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A `spray-inoculation seedling screening procedure was developed for detecting resistance to Xanthomonas campestris pv. vesicatoria (Doidge) Dye, causal agent of bacterial spot of tomato (Lycopersicon esculentum Mill.). Two-week-old transplants were preconditioned under 95% humidity for 16 hours before spray inoculation and then rated for bacterial spot 2 weeks later. Resistant plants could also be distinguished from susceptible genotypes using a modified bacterial speck [Pseudomonas syringae pv. tomato (Okabe) Young, Dye, and Wilkie] screening procedure (cotyledon-dip technique). When results of both screening methods were compared to field ratings from three previous seasons, significant correlations were more frequently observed for the spray-inoculation method. In Summer 1991, individual plants were evaluated by the spray-inoculation technique and then were placed in the field to determine susceptibility under field conditions. Correlations (r = 0.28 to 0.34) between spray-inoculation seedling screening ratings and field ratings, although low, were significant (P ≤ 0.0001). More than 90% of susceptible plants could be eliminated, saving labor, space, and time.

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Media and nutrient variables were investigated to develop methods of reducing the incidence and severity of fusarium crown rot incited by Fusarium oxysporum Schlecht. f. sp. radicis-lycopersici Jarvis & Shoemaker (FORL), a disease problem of current importance with tomato Lycopersicon esculentum Mill. Root-dip inoculated seedlings were transplanted into trays of a 1 Canadian peat: 1 vermiculite medium that had been prepared with factorial combinations of CaCO, (0.75 or 3.0 kg·m), Ca(NO) or (NH) SO (each at 225 mg N/liter), and NaCl at 0 or 2000 mg Na/liter as the experimental treatments. Crown rot was more severe with the lower CaCO rate, with (NH) SO, and supplemental NaCI. Data on fresh weight of seedlings expressed as percentage values relative to the noninoculated controls supported observations on disease severity.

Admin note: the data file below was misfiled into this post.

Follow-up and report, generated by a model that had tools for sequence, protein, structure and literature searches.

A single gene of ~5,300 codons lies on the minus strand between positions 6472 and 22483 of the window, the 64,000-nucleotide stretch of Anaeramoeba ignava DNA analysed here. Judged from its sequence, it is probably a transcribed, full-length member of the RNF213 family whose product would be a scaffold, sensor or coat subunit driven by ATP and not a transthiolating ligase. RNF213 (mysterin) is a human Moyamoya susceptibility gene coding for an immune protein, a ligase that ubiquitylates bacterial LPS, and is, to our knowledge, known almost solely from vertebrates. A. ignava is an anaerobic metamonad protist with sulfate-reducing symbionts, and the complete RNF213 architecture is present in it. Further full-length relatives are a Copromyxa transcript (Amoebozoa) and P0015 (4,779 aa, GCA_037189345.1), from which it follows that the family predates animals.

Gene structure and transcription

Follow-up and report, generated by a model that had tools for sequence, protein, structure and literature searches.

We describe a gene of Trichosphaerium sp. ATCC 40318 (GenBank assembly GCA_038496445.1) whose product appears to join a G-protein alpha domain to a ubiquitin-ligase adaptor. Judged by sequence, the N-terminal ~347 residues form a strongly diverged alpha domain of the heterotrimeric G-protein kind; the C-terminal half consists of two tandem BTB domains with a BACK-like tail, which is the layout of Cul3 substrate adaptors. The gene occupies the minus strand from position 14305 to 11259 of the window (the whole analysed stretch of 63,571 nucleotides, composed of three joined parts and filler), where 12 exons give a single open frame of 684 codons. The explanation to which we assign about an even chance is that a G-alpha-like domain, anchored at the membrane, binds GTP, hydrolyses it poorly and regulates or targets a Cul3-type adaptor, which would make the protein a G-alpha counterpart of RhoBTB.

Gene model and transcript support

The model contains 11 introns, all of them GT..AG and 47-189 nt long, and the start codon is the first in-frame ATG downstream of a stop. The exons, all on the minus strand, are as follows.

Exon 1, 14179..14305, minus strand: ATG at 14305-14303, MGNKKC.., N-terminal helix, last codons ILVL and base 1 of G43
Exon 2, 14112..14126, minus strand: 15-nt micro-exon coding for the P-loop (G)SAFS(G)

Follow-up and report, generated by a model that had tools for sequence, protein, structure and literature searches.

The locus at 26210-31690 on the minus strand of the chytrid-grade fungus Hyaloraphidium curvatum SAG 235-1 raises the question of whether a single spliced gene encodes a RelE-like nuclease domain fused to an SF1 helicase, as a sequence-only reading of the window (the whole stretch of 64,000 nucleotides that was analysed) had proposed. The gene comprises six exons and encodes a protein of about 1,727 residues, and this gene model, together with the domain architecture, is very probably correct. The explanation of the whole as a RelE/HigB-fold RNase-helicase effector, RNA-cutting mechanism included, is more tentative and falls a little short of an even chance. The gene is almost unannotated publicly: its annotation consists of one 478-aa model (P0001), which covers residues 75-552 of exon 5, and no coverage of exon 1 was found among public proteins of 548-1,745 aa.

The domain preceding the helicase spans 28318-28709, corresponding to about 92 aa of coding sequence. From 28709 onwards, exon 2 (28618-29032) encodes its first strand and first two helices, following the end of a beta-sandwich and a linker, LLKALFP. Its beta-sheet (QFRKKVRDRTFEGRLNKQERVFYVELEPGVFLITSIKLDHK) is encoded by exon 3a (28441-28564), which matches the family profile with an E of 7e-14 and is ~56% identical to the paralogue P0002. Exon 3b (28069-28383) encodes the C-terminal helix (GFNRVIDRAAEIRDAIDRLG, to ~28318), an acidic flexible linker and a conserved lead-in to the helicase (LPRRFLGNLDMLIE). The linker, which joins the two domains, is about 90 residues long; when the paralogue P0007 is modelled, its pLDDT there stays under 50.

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Tomato (Lycopersicon esculentum) line E427 has resistance genes to all three races of Fusarium oxysporum f.sp. lycopersici derived from L. pennellii accession LA 716 and L. pimpinellifolium accession PI 126915. To determine genes that confer resistance to specific races of fusarium wilt, line E427 was crossed to susceptible `Bonny Best' and then F2 and backcross (to `Bonny Best') seed were obtained. Self-pollinations resulted in 337 lines and progeny of each line was inoculated separately with fusarium wilt races 1, 2, or 3. Plants from lines whose segregation suggested recombination of resistance were self-pollinated and reinoculated until disease reactions were homozygous. Four lines were obtained with resistance to both races 2 and 3, but susceptible to race 1. These lines had the L. pennellii alleles at restriction fragment length polymorphism (RFLP) markers linked to I-3 on chromosome 7 and lacked L. pimpinellifolium alleles linked to I and I-2 on chromosome 11. Complementation (F2) data indicated race 2 resistance on chromosome 7 was controlled by a single dominant gene. Three lines were resistant to race 2, but susceptible to races 1 and 3. These lines had L. pimpinellifolium alleles at TG105 and flanking markers encompassing a 14.4 cM region indicating the presence of I-2, and no L. pennellii alleles at markers linked to I-3. Three lines were resistant to race 1, but susceptible to races 2 and 3. All three lines had L. pimpinellifolium alleles at TG523 confirming linkage to I on chromosome 11 and no L. pennellii alleles at markers tightly linked to I-3. However, one of the lines, 415, had L. pennellii alleles at CT113 on chromosome 7. This data along with F2 complementation data suggests the possible existence of a second race 1 resistant locus, I1, in this region. The four lines resistant to both races 2 and 3 were backcrossed again to `Bonny Best' and self-pollinated progeny from 174 plants were screened as described above. Two lines derived from different BC1S1 lines that were fusarium wilt race 3 resistant and susceptible to race 1 had intermediate resistance to race 2. These two lines did not have the L. pennellii alleles at TG183, TG174, and CT43 near the I-3 locus indicating crossovers in this region resulted in reduced race 2 resistance. Collectively, this is the first clear break in the fusarium wilt race 2 and race 1 resistance linkage on chromosome 11. It appears that the race 1 resistance derived from PI 126915 is controlled by the I gene. On chromosome 7, there was a break between the I-3 and I1 genes indicating I-3 does not confer race 1 resistance. The crossovers resulting in reduced resistance to race 2 could be within a complex I-3 locus or a tightly linked race 2 locus.